Posts tagged: Exploits

Oct 27 2011

Facebook Attach EXE Vulnerability

Summary:
When using the Facebook ‘Messages’ tab, there is a feature to attach a file. Using this feature normally, the site won’t allow a user to attach an executable file. A bug was discovered to subvert this security mechanisms. Note, you do NOT have to be friends with the user to send them a message with an attachment.

Description:
When attaching an executable file, Facebook will return an error message stating:
“Error Uploading: You cannot attach files of that type.”

Facebook Error Uploading

When uploading a file attachment to Facebook we captured the web browsers POST request being sent to the web server. Inside this POST request reads the line:

Content-Disposition: form-data; name=”attachment”; filename=”cmd.exe”

It was discovered the variable ‘filename’ was being parsed to determine if the file type is allowed or not.

To subvert the security mechanisms to allow an .exe file type, we modified the POST request by appending a space to our filename variable like so:

filename=”cmd.exe ”

Facebook Post Hack

This was enough to trick the parser and allow our executable file to be attached and sent in a message.

Facebook Hot Stuff

Impact:
Potentially allow an attacker to compromise a victim’s computer system.

Affected Products:
www.facebook.com

Time Table:
09/30/2011 Reported Vulnerability to the Vendor
10/26/2011 Vendor Acknowledged Vulnerability
10/27/2011 Publicly Disclosed

Credits:
Discovered by Nathan Power
www.securitypentest.com

Execution POC:

Sep 20 2011

Hackers Break SSL Encryption

SSL BreaksResearchers have discovered a serious weakness in virtually all websites protected by the secure sockets layer protocol that allows attackers to silently decrypt data that’s passing between a webserver and an end-user browser.

The vulnerability resides in versions 1.0 and earlier of TLS, or transport layer security, the successor to the secure sockets layer technology that serves as the internet’s foundation of trust. Although versions 1.1 and 1.2 of TLS aren’t susceptible, they remain almost entirely unsupported in browsers and websites alike, making encrypted transactions on PayPal, GMail, and just about every other website vulnerable to eavesdropping by hackers who are able to control the connection between the end user and the website he’s visiting.

At the Ekoparty security conference in Buenos Aires later this week, researchers Thai Duong and Juliano Rizzo plan to demonstrate proof-of-concept code called BEAST, which is short for Browser Exploit Against SSL/TLS. The stealthy piece of JavaScript works with a network sniffer to decrypt encrypted cookies a targeted website uses to grant access to restricted user accounts. The exploit works even against sites that use HSTS, or HTTP Strict Transport Security, which prevents certain pages from loading unless they’re protected by SSL.

The demo will decrypt an authentication cookie used to access a PayPal account, Duong said. Two days after this article was first published, Google released a developer version of its Chrome browser designed to thwart the attack.

Sep 13 2011

6 SCADA 0-Day Exploits

A security researcher has disclosed a laundry list of unpatched vulnerabilities and detailed proof-of-concept exploits that allow hackers to completely compromise major industrial control systems.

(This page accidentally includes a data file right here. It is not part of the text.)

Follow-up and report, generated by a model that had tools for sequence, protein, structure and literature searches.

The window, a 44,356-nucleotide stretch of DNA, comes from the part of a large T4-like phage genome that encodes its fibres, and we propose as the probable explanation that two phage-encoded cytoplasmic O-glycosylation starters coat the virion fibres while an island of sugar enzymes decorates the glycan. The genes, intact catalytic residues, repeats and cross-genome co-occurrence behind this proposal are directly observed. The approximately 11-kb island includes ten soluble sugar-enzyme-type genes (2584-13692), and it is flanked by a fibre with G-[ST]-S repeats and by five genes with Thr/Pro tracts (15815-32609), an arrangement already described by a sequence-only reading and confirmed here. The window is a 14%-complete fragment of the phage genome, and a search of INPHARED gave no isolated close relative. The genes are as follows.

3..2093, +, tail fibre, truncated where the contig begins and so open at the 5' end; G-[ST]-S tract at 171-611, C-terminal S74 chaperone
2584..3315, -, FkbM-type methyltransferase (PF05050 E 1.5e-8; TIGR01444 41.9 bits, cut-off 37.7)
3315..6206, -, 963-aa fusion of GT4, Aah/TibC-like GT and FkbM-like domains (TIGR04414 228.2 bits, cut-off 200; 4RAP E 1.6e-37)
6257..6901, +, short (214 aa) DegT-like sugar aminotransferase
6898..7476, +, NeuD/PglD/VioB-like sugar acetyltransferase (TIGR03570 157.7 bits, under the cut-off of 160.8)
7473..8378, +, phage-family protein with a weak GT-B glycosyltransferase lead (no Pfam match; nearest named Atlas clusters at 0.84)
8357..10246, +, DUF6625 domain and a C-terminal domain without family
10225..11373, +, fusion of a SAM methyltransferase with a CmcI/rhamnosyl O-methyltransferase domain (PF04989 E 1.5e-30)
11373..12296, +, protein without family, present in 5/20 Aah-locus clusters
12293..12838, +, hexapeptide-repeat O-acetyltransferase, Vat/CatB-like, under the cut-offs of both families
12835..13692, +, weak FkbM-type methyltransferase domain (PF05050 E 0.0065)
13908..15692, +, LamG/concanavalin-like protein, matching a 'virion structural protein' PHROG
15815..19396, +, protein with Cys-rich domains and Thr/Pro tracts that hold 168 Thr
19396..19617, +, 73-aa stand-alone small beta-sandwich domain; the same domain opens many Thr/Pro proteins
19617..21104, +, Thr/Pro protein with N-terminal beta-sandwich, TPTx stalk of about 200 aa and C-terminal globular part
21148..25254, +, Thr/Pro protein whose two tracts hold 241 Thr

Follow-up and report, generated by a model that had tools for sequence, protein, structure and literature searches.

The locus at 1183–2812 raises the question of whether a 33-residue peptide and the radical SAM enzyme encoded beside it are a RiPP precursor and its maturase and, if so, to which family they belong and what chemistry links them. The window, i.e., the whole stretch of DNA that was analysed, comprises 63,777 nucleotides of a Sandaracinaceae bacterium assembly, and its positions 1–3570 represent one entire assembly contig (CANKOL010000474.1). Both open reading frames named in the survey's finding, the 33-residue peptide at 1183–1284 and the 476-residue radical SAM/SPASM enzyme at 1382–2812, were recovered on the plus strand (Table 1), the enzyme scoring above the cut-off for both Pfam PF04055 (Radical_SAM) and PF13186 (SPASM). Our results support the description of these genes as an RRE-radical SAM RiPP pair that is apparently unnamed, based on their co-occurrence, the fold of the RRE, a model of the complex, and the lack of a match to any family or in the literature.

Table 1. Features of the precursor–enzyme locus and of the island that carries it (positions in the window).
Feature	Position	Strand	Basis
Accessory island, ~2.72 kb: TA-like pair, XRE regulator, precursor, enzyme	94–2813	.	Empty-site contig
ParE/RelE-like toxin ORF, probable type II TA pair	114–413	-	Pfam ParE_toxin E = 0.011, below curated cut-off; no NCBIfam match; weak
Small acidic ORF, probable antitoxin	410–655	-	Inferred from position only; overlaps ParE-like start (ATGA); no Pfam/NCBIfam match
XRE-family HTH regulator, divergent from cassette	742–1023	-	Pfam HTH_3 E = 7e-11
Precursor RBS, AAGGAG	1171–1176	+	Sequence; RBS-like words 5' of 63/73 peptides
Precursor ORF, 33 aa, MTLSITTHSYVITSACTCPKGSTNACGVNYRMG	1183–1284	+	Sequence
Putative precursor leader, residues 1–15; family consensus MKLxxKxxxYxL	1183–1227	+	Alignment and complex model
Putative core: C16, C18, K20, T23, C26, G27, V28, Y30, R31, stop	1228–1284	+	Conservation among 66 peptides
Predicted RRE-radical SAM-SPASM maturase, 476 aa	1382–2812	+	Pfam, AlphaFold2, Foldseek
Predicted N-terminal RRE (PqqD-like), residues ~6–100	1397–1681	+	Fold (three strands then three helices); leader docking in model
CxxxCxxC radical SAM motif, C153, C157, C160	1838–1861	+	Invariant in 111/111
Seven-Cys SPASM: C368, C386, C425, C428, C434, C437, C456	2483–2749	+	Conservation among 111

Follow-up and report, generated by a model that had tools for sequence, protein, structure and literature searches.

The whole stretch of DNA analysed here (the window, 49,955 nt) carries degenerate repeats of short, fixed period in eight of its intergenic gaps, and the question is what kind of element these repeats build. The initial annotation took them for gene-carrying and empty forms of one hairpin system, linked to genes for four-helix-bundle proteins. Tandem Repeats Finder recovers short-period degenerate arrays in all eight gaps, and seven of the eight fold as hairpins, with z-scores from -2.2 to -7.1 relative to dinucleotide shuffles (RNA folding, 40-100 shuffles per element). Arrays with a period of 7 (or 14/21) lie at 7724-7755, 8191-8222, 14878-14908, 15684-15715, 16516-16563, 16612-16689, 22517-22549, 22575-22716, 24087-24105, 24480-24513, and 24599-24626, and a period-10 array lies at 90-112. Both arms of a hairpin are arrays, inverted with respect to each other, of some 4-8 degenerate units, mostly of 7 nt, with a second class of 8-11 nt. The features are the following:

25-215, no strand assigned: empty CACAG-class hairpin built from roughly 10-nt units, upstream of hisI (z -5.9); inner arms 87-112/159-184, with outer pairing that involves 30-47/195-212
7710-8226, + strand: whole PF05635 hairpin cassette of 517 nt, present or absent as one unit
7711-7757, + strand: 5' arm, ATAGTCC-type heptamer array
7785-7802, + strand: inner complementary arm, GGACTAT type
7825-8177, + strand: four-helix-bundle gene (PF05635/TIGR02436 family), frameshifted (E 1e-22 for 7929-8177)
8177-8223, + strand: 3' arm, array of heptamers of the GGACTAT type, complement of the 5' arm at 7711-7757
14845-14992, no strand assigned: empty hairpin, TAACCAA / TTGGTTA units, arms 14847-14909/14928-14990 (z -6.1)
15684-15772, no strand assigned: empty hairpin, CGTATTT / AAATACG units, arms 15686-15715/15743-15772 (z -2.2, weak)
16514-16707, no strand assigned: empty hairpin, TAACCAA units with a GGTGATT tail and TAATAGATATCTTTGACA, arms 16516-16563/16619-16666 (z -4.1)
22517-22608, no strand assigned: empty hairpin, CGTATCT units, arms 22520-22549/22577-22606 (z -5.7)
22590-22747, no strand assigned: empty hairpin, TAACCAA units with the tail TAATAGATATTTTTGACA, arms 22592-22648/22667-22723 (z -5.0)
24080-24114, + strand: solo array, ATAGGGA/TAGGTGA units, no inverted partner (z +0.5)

SCADA Exploits

Security researcher Luigi Auriemma disclosed the attacks against six SCADA (Supervisory Control and Data Acquisition) systems including US giant Rockwell Automation.

The step-by-step exploits allowed attackers to execute full remote compromises and denial of service attacks.

Some of the affected SCADA systems were used in power, water and waste distribution and agriculture.

Such zero-day information disclosure was generally frowned upon in the information security industry because it exposed customers to attack while published vulnerabilities remained unpatched.

Attacks against SCADA systems were particularly controversial because exploits could affect a host of machinery from lift control mechanisms to power plants.

Jul 08 2011

phpMyAdmin 3 Remote Code Execution Exploit

#!/usr/bin/env python
# coding=utf-8
# pma3 – phpMyAdmin3 remote code execute exploit
# Author: wofeiwo
# Thx Superhei
# Tested on: 3.1.1, 3.2.1, 3.4.3
# CVE: CVE-2011-2505, CVE-2011-2506
# Date: 2011-07-08
# Have fun, DO *NOT* USE IT TO DO BAD THING.
######################################################
# Requirements:
# 1. “config” directory must created & writeable in pma directory.
# 2. session.auto_start = 1 in php.ini configuration.
######################################################

Download: pma3-exec.txt

Mar 14 2011

MHTML vulnerability under active exploitation

The flaw, which was first highlighted by Microsoft in an advisory in January, allows an attacker to inject a client-side script into the response to a request made by Internet Explorer.

The script could allow a hacker to compromise the user by performing actions online that appear to have originated from the user; by stealing information from the user; or by otherwise trying to fool them.

MHTML, or Mime HTML, is a standard that allows web objects such as images to be combined with HTML into a single file. The vulnerability lies in how MHTML interprets Multipurpose Internet Mail Extensions (Mime) for content blocks in a document.

All these attacks abuse a publicly-disclosed MHTML vulnerability for which an exploit was publicly posted in January 2011.

Users browsing with the Internet Explorer browser are affected.

For now, users and corporations seriously consider deploying Microsoft’s temporary Fixit to block this attack until an official patch is available.

Paper: Hacking with mhtml protocol handler